A collection of reviews of films from off the beaten path; a travel guide for those who love the cinematic world and want more than the mainstream releases.
Monday, February 12, 2018
March and April 2018 Repertory Calendar Announced at the Metrograph
Opens March 14
Burt Reynolds x 5 with Reynolds In-Person!
In an appreciation of Burt Reynolds, on the occasion of the release of his directorial debut, Gator (1976), the Village Voice’s Molly Haskell wrote of Reynolds: “He is playful and quizzical, with the ability of a Fred Astaire or a Rock Hudson to deflect attention from himself to the woman beside him; he has the confidence of someone who’s physically there.” Reynolds, one of the great screen attractions of the 1970s following his breakthrough in Deliverance (John Boorman, 1972), was possessed of a screen presence defined by lightness of touch and twinkling bemusement, a feisty flirt who could get tough when the occasion demanded. It’s too easy to be underappreciated when you make it look as easy as Burt does—and as he returns to the screen in The Last Movie Star (2018), Metrograph has put together an assembly of some of his best blithe, breezy work in front of and behind the camera. Smokey and the Bandit (Hal Needham, 1977), Breaking In (Bill Forsyth, 1989), and Semi-Tough (Michael Ritchie, 1977) will also screen.
Opens March 23
To say that Terence Stamp was a handsome young man is as unnecessary as observing that the sky is blue—in his 1962 film debut, Billy Budd (Peter Ustinov, 1962), he plays nothing less than Herman Melville’s paragon of male beauty. But Stamp, a working-class son of London, was also one hell of a fine actor, a fact that 1960s lions like Pier Paolo Pasolini (Teorema, 1968), William Wyler (The Collector, 1965), Joseph Losey (Modesty Blaise, 1966), Ken Loach (Poor Cow, 1967) and Federico Fellini (Toby Dammit, 1968) took full advantage of. Past his ingenue years, the always-commanding Stamp has had a rich and varied career, from supervillain drag in Superman II (Richard Lester, 1980) to just-plain-drag in The Adventures of Priscilla Queen of the Desert (Stephan Elliot, 1994) to the hard-boiled neo-noir of The Limey (Steven Soderbergh, 1999) (paired with its spiritual twin Poor Cow), which allowed him to dust off the cockney accent of his boyhood. “I just decided I was a character actor now,” he’s said of leaving the ‘60s behind, “and I can do anything.” Titles include Alien Nation (Graham Baker, 1988), Far From the Madding Crowd (John Schlesinger, 1967), The Hit (Stephen Frears, 1984), The Company of Wolves (Neil Jordan, 1984), and Bowfinger (Frank Oz, 1999)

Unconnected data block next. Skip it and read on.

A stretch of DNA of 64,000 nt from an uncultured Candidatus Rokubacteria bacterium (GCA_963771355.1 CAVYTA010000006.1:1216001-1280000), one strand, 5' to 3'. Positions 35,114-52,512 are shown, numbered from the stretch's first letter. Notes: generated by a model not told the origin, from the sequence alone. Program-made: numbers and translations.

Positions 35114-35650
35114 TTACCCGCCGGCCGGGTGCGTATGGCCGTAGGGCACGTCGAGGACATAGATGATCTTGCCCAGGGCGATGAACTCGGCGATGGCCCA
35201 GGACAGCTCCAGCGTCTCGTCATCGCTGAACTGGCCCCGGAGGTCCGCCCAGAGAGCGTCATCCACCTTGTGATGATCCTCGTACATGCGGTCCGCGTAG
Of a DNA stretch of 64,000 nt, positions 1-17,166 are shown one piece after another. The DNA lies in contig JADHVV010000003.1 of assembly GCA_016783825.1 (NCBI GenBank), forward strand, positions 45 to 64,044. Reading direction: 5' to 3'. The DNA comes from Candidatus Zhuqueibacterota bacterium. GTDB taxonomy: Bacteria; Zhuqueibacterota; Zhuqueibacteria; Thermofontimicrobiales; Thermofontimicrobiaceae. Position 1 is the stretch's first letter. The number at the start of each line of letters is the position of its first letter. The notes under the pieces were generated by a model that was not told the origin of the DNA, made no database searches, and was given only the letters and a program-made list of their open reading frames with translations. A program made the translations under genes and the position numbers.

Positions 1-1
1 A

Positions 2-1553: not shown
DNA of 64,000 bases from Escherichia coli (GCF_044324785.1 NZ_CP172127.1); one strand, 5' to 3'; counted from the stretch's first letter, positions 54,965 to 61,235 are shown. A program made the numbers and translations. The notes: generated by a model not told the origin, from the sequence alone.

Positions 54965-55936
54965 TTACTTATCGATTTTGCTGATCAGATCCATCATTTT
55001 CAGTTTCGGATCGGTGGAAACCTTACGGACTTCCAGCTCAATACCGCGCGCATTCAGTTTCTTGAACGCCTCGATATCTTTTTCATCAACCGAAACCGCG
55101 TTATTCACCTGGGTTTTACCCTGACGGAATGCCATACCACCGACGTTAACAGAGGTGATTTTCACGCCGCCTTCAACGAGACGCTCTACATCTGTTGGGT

Opens April 6
Grace Jones x 5 with Jones In-Person!
Grace Jones was born in Jamaica, moved to upstate New York with her family at the age of 13, and on the back of her striking looks, androgynous appeal, and outsized personality became a successful model, photographer’s muse, disco recording artist, and pop film star. That, at least, is the official story—though many of Jones’ fervent fans are convinced that, strange, statuesque, and seemingly immune to aging, she is clearly an extradimensional being who has never set foot in Syracuse. The mysterious persona and personal life of this broke-the-mold performer are explored in Sophie Fiennes new backstage documentary/musical Grace Jones: Bloodlight and Bami, whose run at Metrograph, beginning April 13, will coincide with a selection of her cinematic outings—because this is a woman who requires a big screen.Titles include Conan the Destroyer (Richard Fleischer, 1984), A View to a Kill (John Glen, 1985), Vamp(Richard Wenk, 1986), Straight to Hell (Alex Cox, 1987), and a program of Jones' shorts and music videos.
Opens April 19
William Friedkin x 4 with Friedkin In-Person!